If today's column from David Brooks is any indication, several months of GOP economic brinksmanship have finally accomplished what years of liberal hand-waiving couldn't -- forcing Beltway elites to recognize the dangerous extremism of the Republican Party.
Like most people with well-defined ideological views, liberals want their political standard-bearers to represent their interests and stand-up for liberalism as a governing ideology. Typically, this is viewed as good messaging -- the public likes progressive policies -- and good politics. As the argument goes, voters want a choice, not an echo, and Democrats would benefit from offering the former. It's what led to liberal infatuation with John Edwards in 2004, and it's what drives liberal dissatisfaction with President Obama.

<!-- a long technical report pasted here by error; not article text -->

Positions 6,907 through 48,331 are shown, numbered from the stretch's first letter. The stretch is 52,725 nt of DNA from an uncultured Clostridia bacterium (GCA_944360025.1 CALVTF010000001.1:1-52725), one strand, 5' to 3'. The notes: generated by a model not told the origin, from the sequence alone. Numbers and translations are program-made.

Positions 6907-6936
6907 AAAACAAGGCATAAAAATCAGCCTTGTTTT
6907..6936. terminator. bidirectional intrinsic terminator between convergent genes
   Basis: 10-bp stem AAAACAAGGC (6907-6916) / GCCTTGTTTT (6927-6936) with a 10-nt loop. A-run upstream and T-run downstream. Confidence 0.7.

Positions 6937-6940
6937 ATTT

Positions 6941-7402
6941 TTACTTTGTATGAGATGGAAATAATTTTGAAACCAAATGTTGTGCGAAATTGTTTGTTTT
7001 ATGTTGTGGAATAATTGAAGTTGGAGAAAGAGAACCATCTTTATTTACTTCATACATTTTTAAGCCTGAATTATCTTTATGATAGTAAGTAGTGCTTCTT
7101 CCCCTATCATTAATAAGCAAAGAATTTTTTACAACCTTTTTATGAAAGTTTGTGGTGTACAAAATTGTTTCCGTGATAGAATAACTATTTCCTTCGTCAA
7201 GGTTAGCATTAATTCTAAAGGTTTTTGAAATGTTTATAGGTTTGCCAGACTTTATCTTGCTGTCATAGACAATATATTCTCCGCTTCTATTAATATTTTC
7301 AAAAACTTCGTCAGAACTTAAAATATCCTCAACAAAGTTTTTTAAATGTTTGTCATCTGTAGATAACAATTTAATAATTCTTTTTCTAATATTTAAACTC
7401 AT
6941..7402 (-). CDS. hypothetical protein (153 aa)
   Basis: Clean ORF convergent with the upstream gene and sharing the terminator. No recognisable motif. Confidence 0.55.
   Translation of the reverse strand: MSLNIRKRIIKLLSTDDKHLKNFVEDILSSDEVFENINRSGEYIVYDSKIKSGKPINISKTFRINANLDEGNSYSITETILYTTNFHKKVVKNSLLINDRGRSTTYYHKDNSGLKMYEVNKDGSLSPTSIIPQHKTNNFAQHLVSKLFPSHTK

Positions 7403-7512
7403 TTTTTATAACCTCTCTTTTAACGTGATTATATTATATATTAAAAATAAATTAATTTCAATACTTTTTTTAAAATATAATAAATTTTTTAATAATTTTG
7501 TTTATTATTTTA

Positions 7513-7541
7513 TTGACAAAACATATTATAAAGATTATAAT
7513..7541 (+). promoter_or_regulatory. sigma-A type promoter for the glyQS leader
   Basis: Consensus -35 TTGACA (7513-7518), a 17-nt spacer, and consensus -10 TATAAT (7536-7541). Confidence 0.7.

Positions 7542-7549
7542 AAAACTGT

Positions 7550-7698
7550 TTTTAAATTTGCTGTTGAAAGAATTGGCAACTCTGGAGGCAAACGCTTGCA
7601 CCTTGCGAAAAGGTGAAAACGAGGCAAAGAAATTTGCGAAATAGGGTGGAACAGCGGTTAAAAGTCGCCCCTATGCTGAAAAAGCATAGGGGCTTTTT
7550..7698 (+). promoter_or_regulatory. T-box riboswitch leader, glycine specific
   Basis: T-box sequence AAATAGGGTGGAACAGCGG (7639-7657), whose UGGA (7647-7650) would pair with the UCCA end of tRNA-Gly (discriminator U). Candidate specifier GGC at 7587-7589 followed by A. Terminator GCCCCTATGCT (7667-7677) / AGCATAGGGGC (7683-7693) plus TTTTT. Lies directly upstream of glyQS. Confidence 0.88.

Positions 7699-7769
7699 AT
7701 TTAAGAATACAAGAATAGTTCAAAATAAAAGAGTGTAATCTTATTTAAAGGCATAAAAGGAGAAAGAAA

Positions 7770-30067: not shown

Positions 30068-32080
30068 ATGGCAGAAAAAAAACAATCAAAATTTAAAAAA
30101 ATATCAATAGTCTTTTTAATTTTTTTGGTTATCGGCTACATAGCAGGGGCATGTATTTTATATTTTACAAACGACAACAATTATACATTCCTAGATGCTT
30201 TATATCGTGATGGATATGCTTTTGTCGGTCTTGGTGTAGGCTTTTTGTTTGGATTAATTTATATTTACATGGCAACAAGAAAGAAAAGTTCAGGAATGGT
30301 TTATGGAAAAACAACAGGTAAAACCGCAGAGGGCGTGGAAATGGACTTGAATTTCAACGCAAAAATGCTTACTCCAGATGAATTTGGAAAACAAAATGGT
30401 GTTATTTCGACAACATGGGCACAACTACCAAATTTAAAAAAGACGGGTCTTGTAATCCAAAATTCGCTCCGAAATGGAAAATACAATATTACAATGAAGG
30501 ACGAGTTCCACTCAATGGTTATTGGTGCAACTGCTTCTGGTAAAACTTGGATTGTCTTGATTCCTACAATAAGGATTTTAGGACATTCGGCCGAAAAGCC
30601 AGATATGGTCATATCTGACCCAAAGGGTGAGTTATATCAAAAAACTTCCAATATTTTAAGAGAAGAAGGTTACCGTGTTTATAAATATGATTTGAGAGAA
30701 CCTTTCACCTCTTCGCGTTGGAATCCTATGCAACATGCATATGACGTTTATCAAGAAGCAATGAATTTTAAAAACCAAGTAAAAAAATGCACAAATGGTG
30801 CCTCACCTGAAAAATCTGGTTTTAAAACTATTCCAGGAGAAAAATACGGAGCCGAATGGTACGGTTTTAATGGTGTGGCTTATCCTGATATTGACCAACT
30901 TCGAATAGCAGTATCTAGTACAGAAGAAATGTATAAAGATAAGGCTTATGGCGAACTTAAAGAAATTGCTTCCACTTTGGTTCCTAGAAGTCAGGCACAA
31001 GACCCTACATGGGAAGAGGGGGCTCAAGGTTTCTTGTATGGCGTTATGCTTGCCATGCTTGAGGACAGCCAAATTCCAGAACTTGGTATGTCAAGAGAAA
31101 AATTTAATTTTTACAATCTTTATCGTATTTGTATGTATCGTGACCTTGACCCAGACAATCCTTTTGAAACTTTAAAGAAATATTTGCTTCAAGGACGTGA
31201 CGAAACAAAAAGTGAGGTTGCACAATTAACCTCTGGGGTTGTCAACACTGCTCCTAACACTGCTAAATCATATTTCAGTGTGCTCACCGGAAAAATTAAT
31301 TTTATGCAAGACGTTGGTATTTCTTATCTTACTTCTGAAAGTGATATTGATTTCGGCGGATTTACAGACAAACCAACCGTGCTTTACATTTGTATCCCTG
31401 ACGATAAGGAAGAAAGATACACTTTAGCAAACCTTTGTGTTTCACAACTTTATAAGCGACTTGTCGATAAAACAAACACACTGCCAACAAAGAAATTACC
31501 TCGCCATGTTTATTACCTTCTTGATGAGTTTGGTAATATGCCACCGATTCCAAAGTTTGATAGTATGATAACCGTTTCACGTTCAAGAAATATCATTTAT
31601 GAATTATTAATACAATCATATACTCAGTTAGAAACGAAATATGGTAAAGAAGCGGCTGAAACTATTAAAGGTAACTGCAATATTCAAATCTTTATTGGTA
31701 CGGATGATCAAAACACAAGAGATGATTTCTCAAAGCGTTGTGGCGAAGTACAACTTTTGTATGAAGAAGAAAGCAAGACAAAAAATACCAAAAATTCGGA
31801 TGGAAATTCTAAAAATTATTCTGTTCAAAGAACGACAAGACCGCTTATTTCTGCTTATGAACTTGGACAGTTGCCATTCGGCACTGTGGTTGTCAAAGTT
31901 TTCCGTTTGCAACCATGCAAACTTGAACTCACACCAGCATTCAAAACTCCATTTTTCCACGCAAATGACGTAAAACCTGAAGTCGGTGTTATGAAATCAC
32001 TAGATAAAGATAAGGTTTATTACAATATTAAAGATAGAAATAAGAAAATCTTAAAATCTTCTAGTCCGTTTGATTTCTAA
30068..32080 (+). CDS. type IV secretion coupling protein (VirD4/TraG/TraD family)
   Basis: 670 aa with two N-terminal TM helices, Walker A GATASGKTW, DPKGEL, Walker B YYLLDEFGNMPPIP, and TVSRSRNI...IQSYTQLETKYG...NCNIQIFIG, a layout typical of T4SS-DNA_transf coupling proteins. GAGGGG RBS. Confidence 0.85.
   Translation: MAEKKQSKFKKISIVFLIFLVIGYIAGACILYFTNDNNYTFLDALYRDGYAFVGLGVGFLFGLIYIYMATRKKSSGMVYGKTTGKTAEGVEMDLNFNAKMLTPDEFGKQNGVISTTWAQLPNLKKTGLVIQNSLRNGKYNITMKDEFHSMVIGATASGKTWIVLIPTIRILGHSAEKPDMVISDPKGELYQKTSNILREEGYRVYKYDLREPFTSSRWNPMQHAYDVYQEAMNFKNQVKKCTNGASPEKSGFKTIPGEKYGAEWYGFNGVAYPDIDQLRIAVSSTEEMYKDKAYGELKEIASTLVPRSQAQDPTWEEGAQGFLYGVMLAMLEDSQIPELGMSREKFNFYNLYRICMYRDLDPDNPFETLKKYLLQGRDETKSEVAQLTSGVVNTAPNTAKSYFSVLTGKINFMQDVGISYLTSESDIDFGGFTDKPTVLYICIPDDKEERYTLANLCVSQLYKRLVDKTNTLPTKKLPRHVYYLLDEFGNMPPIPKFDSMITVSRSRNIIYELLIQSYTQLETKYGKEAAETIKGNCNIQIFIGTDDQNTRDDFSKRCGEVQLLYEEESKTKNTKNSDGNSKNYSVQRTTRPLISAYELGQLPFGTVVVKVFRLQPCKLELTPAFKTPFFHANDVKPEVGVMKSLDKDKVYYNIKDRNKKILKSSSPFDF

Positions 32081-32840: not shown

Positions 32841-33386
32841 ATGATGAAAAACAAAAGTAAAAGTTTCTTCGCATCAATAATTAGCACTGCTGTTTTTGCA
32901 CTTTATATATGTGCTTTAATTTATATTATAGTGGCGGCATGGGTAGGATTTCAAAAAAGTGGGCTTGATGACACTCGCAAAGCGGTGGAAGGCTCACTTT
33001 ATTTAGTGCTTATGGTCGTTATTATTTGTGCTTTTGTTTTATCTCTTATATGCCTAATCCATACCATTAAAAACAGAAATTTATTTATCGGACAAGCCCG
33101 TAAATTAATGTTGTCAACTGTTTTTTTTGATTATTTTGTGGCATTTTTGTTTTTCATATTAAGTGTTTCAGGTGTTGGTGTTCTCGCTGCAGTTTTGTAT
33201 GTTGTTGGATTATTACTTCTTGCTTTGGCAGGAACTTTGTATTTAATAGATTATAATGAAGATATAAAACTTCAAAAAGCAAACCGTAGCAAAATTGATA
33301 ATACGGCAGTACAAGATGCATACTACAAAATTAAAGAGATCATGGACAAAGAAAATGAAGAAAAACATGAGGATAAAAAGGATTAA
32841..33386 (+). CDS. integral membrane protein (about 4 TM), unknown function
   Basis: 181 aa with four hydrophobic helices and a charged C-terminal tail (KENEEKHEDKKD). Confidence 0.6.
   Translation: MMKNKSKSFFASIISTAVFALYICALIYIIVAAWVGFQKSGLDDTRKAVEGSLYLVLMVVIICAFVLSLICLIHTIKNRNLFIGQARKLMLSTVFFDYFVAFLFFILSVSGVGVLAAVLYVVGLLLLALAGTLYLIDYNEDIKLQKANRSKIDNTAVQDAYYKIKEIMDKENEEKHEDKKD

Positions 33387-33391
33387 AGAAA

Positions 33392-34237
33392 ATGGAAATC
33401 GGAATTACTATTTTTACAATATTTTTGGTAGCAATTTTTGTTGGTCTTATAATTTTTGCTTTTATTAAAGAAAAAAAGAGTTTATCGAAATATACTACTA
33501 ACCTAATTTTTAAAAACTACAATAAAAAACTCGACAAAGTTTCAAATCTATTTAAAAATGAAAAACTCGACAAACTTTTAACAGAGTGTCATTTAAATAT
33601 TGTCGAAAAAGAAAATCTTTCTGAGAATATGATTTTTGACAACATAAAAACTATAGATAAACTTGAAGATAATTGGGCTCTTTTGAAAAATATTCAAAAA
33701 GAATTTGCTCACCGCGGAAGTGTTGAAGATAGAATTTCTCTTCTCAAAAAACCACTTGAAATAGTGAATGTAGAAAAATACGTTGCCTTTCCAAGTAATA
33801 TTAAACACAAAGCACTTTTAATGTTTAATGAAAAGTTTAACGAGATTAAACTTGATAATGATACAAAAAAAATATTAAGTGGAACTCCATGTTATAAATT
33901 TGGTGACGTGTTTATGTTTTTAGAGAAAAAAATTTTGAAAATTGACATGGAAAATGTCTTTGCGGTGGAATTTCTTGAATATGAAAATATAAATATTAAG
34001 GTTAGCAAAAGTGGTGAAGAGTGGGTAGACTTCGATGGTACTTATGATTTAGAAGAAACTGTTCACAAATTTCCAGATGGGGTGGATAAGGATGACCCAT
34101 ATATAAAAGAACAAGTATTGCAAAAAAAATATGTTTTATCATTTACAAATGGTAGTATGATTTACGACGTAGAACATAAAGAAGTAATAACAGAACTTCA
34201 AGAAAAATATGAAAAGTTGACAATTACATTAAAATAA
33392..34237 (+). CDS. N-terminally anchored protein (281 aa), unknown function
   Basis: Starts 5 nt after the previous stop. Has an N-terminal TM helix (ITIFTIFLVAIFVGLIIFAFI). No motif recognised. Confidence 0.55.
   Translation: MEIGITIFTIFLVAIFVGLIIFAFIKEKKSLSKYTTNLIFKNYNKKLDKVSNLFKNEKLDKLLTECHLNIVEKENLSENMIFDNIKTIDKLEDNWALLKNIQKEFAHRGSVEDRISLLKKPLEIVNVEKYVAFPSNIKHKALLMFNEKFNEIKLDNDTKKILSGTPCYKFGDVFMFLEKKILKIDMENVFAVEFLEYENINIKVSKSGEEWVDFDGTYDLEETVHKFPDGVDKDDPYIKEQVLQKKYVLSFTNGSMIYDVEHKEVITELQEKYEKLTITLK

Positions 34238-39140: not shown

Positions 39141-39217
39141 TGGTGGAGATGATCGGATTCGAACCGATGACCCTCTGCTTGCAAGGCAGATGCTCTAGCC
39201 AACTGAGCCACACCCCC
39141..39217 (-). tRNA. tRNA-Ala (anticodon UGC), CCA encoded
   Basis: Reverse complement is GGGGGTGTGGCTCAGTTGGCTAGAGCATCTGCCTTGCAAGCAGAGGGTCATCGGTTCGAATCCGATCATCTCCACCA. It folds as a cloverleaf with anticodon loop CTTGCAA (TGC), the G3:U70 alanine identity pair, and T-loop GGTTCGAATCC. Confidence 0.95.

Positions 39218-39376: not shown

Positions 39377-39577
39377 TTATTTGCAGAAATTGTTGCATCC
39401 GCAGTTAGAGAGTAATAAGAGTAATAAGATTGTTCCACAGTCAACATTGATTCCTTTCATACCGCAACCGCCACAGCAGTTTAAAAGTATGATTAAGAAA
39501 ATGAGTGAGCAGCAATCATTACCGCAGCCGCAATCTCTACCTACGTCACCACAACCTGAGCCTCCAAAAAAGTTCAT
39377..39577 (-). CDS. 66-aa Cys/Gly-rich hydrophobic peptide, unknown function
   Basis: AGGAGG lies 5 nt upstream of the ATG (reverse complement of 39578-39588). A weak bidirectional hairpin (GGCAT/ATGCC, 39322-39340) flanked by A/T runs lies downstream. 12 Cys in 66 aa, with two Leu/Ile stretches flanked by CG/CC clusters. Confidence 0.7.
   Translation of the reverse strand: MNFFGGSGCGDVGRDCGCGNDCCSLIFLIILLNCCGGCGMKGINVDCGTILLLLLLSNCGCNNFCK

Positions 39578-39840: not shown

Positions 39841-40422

Over the holiday weekend, Talking Points Memo's Brian Beutlerhighlighted this gem of a chart from the Senate Appropriations Committee:
As Hawaii Democratic Senator Daniel Inoyue explained in a statement, "Although non-defense discretionary spending in nominal dollars has increased, when taking inflation and population growth into account the amount contained in the FY 2011 Continuing Resolution represents no increase over what we spent in 2001, a year in which we generated a surplus of $128 billion."
Essentially, Mitt Romney's pitch for the presidency rests on a single line, "He made it worse." In campaign ads, speeches and op-eds, Romney has attacked the president for lengthening the Great Recession. During last month's presidential debate, for example, Romney led with this:
The official deadline for Republican presidential candidates to report their second quarter fundraising totals isn't until next month, but several campaigns have offered preliminary numbers. Let's take a look.